The Jockey Club estimates that the number of live foals reported so far is approximately 90 percent complete. The reporting of live foals of 2017 is down 1.7 percent from last year at this time when The Jockey Club had received reports for 21,991 live foals of 2016.

In addition to the 21,624 live foals of 2017 reported through Sept. 13, The Jockey Club also received 2,467 No Foal Reports for the 2017 foaling season. Ultimately, the 2017 registered foal crop is projected to reach 22,500.

The number of stallions declined 3.1 percent from the 1,923 reported for 2015 at this time last year, while the number of mares bred declined 2.5 percent from the 36,964 reported for 2015.

The 2016 breeding statistics are available alphabetically by stallion name through the Resources – Fact Book link on The Jockey Club homepage at

“It is important to note that the live foals reported in The Jockey Club breeding statistics are by conception area and do not represent the state in which a foal was born,” said Matt Iuliano, executive vice president and executive director, The Jockey Club. “Breeding statistics also are not a representation of a stallion’s fertility record.”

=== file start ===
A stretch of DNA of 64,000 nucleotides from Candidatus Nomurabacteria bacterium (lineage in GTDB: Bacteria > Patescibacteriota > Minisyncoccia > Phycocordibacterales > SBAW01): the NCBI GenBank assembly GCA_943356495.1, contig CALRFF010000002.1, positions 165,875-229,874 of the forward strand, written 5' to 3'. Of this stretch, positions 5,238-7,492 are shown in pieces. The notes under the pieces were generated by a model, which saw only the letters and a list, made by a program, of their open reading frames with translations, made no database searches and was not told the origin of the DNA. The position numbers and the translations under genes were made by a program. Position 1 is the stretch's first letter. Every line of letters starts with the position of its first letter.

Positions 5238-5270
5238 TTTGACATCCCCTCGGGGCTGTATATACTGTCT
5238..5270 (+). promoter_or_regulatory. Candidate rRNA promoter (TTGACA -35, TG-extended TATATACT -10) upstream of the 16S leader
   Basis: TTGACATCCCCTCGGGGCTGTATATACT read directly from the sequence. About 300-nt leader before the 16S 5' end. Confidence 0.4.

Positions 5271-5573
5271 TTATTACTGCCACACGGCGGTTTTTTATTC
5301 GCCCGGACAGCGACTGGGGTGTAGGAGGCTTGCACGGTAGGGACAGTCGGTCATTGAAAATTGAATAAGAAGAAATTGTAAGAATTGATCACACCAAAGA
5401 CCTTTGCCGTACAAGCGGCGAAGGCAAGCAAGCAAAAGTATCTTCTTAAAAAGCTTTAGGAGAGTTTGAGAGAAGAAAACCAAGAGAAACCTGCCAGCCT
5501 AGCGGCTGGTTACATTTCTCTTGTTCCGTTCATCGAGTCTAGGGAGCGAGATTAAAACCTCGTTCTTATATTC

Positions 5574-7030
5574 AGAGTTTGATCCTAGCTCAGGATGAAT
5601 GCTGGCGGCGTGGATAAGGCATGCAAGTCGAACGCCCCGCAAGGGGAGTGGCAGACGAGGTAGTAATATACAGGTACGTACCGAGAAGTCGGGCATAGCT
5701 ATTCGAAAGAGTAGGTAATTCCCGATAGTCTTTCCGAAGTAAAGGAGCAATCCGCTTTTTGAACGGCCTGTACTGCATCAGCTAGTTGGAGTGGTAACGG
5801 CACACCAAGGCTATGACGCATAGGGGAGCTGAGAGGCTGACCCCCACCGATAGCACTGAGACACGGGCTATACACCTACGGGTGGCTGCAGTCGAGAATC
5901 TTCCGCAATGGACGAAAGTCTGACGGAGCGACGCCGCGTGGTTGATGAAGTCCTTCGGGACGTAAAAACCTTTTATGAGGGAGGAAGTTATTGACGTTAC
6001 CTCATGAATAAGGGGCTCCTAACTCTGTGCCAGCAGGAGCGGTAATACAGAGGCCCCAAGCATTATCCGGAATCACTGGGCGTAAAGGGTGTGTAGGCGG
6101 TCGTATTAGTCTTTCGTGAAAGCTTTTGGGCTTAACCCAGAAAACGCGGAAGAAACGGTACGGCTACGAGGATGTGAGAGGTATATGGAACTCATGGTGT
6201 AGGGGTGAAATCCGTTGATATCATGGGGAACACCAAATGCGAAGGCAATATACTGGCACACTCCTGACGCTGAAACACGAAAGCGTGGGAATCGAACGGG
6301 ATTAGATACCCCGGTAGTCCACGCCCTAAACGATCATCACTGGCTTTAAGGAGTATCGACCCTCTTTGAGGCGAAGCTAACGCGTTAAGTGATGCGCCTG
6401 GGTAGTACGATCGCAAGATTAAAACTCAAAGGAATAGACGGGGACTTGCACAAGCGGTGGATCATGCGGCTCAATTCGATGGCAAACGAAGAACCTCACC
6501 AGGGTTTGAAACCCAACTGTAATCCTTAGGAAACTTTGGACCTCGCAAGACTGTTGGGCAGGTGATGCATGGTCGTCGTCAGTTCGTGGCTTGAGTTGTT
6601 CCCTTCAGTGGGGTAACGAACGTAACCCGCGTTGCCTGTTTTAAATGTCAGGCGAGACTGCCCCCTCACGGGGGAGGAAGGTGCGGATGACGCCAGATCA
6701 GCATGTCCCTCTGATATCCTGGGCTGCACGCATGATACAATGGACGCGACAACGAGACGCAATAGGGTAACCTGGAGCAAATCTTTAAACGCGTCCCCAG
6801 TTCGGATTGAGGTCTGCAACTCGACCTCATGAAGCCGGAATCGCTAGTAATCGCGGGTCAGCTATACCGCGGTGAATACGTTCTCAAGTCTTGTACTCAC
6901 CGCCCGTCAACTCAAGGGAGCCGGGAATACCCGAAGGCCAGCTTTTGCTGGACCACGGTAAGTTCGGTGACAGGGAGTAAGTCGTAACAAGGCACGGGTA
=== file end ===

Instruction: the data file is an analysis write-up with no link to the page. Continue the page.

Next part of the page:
Kentucky annually leads all states and provinces in terms of Thoroughbred breeding activity. Kentucky-based stallions accounted for 49.7 percent of the mares reported bred in North America in 2016 and 57.3 percent of the live foals reported for 2017.

The 17,912 mares reported bred to 245 Kentucky stallions in 2016 have produced 12,396 live foals, a 1.7 percent increase on the 12,184 Kentucky-sired live foals of 2016 reported at this time last year. The number of mares reported bred to Kentucky stallions in 2016 increased 1.8 percent compared to the 17,598 reported for 2015 at this time last year.

Among the 10 states and provinces with the most mares covered in 2016, only three produced more live foals in 2017 than in 2016 as reported at this time last year: Kentucky, California, and Maryland. The following table shows the 10 states and provinces, ranked by number of state/province-sired live foals of 2017 reported through Sept. 13, 2017.


Mares Bred

Live Foals

Live Foals

Percent Change
in Live Foals
















New York




















New Mexico
















The statistics include 394 progeny of stallions standing in North America but foaled abroad, as reported by foreign stud book authorities at the time of publication.



Live Foals


Live Foals

Saudi Arabia




Republic of Korea




Great Britain














Dominican Republic











The report also includes 92 mares bred to 25 stallions in North America on Southern Hemisphere time; the majority of these mares have not foaled.

As in years past, a report of mares bred will be released in October.

Fair Grounds to Host 57 Stakes Worth $6.69 Million in 146th Thoroughbred Season